Front of Met Film School
11 October 2014

November Film Festivals Preview

By Cassio | Categorised in News
Feel like you want to escape the winter cold, but have no holiday left? Explore the world from London by visiting the wide array of international film festivals happening in the city this November.
The Jewish Film Festival running from Nov 6th to Nov 23rd highlights films from around the world exploring Jewish culture and life. Our film to watch at the festival is “Green Prince”. This tells the real-life story of Israel’s most prized undercover officers, who was also is the son of one of Hamas’s top leaders. He spied on his own people for over 10 years. This story looks at his difficult relationship with his handler and the impossible choices that he has to make.
In addition, those in search of a little comic relief might want to check out“Zero Motivation“, winner of the top prize at the Tribeca Film festival, which recounts the comic everyday life of a unit of young female Israeli female soldiers.
The Korean Film Festival running from Nov 6th to 21st November also provides access to a range of exciting new films, including the not to be missed crime drama “A Girl at my Door” by pioneering director Kim Ki-duk.
Still from Girl at my Door (2014)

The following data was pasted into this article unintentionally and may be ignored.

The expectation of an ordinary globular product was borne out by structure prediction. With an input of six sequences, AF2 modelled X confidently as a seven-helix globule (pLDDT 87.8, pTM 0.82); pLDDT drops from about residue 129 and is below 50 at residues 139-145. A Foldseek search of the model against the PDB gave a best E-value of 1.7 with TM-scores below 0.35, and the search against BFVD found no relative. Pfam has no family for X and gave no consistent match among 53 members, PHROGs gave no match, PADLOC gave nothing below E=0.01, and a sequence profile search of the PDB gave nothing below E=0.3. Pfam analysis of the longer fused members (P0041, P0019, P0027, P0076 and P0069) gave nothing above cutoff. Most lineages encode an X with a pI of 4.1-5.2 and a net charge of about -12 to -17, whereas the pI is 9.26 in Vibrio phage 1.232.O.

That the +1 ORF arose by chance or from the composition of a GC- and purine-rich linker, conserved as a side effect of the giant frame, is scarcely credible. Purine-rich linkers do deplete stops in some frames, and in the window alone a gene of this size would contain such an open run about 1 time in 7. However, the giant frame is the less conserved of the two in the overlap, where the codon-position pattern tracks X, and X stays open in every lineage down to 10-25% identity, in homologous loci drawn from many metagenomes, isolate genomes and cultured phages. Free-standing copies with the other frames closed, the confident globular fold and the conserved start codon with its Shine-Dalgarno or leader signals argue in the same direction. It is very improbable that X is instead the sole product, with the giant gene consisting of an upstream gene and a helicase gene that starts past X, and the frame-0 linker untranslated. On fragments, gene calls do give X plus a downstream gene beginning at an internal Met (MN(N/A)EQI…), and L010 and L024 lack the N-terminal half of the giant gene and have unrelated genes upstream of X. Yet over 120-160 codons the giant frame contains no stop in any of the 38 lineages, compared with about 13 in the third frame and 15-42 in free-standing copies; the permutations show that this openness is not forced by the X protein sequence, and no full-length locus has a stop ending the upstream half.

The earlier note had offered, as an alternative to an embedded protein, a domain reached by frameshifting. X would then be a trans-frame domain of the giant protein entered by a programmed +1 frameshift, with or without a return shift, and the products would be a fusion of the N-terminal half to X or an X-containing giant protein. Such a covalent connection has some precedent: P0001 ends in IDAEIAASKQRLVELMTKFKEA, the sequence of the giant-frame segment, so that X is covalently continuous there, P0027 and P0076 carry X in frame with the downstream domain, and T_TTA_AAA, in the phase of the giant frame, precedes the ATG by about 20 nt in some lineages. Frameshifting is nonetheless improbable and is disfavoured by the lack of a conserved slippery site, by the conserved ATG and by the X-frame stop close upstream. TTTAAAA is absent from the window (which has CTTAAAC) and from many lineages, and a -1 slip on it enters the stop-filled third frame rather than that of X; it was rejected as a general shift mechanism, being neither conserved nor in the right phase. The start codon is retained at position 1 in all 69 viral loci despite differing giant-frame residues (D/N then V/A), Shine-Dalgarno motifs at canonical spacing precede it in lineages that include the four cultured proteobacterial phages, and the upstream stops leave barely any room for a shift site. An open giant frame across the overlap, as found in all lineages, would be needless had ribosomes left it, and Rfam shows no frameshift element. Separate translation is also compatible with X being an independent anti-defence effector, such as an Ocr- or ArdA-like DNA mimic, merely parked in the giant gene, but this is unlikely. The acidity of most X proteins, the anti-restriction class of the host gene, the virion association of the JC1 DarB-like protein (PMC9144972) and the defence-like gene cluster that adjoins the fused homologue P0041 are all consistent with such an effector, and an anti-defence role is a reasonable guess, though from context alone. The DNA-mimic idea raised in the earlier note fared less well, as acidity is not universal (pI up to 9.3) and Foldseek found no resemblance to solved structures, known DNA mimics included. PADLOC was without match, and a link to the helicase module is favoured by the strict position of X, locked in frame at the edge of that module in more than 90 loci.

This film explores the unexposed ugly underbelly of a backwater community.  New police chief Lee Young-nam (Bae ‘Cloud Atlas’) arrives in town and finds a town where alcoholism is destroying the fabric of society and where the only workers left now the young have fled to Seoul are illegal migrants.
Her eyes is also drawn to a disheveled girl on the cusp of puberty called Do-hee  (Kim) who appears to be the local scapegoat, abused by her family and bullied by locals. When Young-nam tries to intervene to protect the girl, taking her in, there are disastrous consequences for all.
This film’s clever screenplay blurs the boundary between drama and mystery whilst adding in a flicker of horror to the mix. It cleverly confronts the effects of alcoholism, homophobia, human trafficking, sexism and child abuse in one fell sweep. As the story builds to its wrenching climax, you’ll also be wondering if everything was quite as you thought.
Finally, the French Film Festival running from 7th Nov to 7th Dec brings a wealth of Francophile movies to the city from around the world. Key films to watch out for include Abderrahmane Sissako’s hard-hitting film Timbuktu. This controversial film deals with the harsh realities of  life during the 10-month occupation of Mali’s capital by jihadists.  It deals with the occupation both from the point of view of both those oppressed to the oppressors themselves. In addition, documentary fans should also watch out for “School of Babel”, a fascinating look into the lives of new French immigrants living in Paris’s 10th arrondissement over a year, aged 11 to 15. The film touchingly covers their struggles with integration.
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